Overview

Start With This Core Strength Test

Start With This Core Strength Test

One good test of core strength and core endurance is being able to maintain a stable spine while lifting the chest, positioning the legs in table top, extending the legs to a 45 degree angle, and holding this stable position for an inhale of five counts and an exhale of five counts for 10 cycles.

Pilates “Hundred” Assessment

The hundred assessment exercise is a simple tool that can help you assess your core strength and endurance.

1. Chest Lift

chest lift

2. Legs 90 degrees/"Table Top"

legs 90 degree table top

3. Chest Lift with legs "Table Top"

chest lift with legs table top

4. Full "hundred" position

full hundred position

 

  1. Chest Lift

chest lift

  1. Legs 90 degrees/"Table Top"

legs 90 degree table top

  1. Chest Lift with legs "Table Top"

chest lift with legs table top

  1. Full "hundred" position

full hundred position

 

(If you have any pain during this test, please discontinue and consult with your health care provider.)

Can you keep your lower back stable while you lift your upper body and chest without stress in the neck and shoulders? (photo 1)

YES: Great, move to photo 2.

NO: You might need more core stability and upper body alignment training to take stress out of the neck and learn how to use the lower abdominals.

Can you hold your low back stable while lifting one leg at a time onto table top? (photo 2)

YES: Great, move to photo 3.

NO: With this exercise, you can tell if your spine is moving. A moving spine usually causes pain and tilts forward creating more space under your lower back. This may be a core stability issue, related to core endurance, or due to pain.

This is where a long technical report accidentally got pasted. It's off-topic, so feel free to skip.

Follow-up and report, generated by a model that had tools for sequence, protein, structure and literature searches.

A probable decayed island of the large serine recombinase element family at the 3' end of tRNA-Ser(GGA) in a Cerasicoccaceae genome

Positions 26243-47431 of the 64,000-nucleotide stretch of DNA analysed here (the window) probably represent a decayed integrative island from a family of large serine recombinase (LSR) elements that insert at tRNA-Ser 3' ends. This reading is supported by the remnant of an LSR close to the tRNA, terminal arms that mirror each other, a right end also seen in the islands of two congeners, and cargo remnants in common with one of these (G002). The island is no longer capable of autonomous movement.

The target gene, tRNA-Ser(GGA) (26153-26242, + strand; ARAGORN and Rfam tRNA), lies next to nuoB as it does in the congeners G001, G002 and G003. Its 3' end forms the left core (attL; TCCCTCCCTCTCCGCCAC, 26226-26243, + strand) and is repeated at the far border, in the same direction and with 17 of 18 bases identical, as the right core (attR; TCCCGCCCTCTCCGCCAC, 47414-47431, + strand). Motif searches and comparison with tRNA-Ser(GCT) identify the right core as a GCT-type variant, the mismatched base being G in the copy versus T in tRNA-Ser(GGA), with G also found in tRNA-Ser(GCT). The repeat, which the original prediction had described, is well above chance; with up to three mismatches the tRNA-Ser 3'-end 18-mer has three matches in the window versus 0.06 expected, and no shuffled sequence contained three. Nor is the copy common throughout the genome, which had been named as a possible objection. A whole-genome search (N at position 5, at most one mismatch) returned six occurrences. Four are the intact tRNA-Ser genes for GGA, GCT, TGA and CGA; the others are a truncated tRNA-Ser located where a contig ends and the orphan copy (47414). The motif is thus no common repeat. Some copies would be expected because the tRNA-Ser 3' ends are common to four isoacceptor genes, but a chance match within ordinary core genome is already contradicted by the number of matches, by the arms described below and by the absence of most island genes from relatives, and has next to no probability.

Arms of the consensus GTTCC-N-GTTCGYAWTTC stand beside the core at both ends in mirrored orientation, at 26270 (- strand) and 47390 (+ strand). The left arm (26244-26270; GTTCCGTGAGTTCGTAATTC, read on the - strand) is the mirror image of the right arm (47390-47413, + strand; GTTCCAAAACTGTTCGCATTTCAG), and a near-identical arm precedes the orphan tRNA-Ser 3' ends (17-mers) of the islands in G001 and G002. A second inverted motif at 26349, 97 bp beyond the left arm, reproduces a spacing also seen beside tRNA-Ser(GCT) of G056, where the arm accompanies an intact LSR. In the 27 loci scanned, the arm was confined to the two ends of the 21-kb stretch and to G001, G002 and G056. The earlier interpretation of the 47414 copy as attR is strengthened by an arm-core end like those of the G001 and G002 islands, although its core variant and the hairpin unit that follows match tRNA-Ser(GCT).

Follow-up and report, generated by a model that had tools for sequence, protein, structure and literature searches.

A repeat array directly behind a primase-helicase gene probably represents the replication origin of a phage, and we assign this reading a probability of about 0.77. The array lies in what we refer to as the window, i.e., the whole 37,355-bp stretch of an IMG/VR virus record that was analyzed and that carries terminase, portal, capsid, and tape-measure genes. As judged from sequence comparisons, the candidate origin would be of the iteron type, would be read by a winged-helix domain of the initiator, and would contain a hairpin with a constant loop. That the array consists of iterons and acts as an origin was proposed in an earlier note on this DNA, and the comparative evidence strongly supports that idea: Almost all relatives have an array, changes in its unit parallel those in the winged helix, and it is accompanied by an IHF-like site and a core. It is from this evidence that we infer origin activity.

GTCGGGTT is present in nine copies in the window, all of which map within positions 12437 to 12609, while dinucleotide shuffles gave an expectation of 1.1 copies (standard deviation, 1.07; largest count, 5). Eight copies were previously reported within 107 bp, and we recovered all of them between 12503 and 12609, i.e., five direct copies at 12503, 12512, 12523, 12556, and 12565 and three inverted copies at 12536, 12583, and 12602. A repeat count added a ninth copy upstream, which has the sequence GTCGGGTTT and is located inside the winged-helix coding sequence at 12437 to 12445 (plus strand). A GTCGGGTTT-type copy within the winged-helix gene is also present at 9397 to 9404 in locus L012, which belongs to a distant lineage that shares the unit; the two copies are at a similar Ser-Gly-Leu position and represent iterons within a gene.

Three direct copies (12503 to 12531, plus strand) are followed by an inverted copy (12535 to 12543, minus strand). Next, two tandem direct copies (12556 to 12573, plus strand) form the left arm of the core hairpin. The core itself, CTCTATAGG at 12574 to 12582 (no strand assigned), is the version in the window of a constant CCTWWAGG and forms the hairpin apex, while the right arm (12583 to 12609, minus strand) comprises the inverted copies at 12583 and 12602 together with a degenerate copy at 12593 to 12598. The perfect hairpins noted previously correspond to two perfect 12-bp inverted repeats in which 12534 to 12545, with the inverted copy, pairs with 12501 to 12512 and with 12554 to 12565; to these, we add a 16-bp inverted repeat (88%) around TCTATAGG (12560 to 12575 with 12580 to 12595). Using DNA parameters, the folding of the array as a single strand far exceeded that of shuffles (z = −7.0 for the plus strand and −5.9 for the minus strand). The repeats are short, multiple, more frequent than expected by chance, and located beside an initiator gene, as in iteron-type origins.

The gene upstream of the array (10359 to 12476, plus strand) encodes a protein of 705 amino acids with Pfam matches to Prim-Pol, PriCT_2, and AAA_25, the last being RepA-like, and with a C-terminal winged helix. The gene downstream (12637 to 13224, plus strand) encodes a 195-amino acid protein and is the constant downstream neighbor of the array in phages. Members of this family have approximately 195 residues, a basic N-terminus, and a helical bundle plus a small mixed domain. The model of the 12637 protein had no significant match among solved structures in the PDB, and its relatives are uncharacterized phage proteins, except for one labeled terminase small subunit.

Can you hold both positions together without pain? (photo 3)

YES: Great, move to photo 4.

NO: This may be due to decreased core stability, upper body alignment impairment (related to core endurance), or pain.

Can you extend your legs out without losing your low back stability? (photo 4)

YES: Excellent, test your endurance in step 5!

NO: Leg extension tests your core stability, upper body alignment, and the added weight of your legs to challenge your core strength and endurance. We recommend getting training with a professional.

Can you hold the posture, which is the full hundred position, for 100 breaths (five inhales and five exhale, 10 cycles)?

YES: Great work! Train with this exercise to continue to build your breath, core strength, and endurance.

NO: You might need more core endurance training if you made it this far and cannot sustain the posture. This is easy to build with changes in less than two weeks!

Do you have pain and if so, which step?

YES: Pain can be a sign that your spine and pelvis alignment is not optimal, your muscles are inhibited or not firing correctly, or you are over-stabilizing to protect. We recommend you have your pain evaluated by a trained professional who can teach you exercises that are safest for your body and injury needs.

NO: You might need more core strength and stability in addition to good form.

Is it too hard to hold the posture?

YES: You may just need to work on building more core stability and make sure your alignment is providing you with proper form.

NO: It might be endurance and core stability you need.

Contact Us

Ready to learn more and see how Pilates can help you safely move without pain? Email Holly with questions at hollykchiodo@hsc.utah.edu or call 801-587-7005 to book a Pilates therapy evaluation at the University Orthopaedic Center.

*Most insurance is accepted for Pilates therapy with a prescription for physical therapy.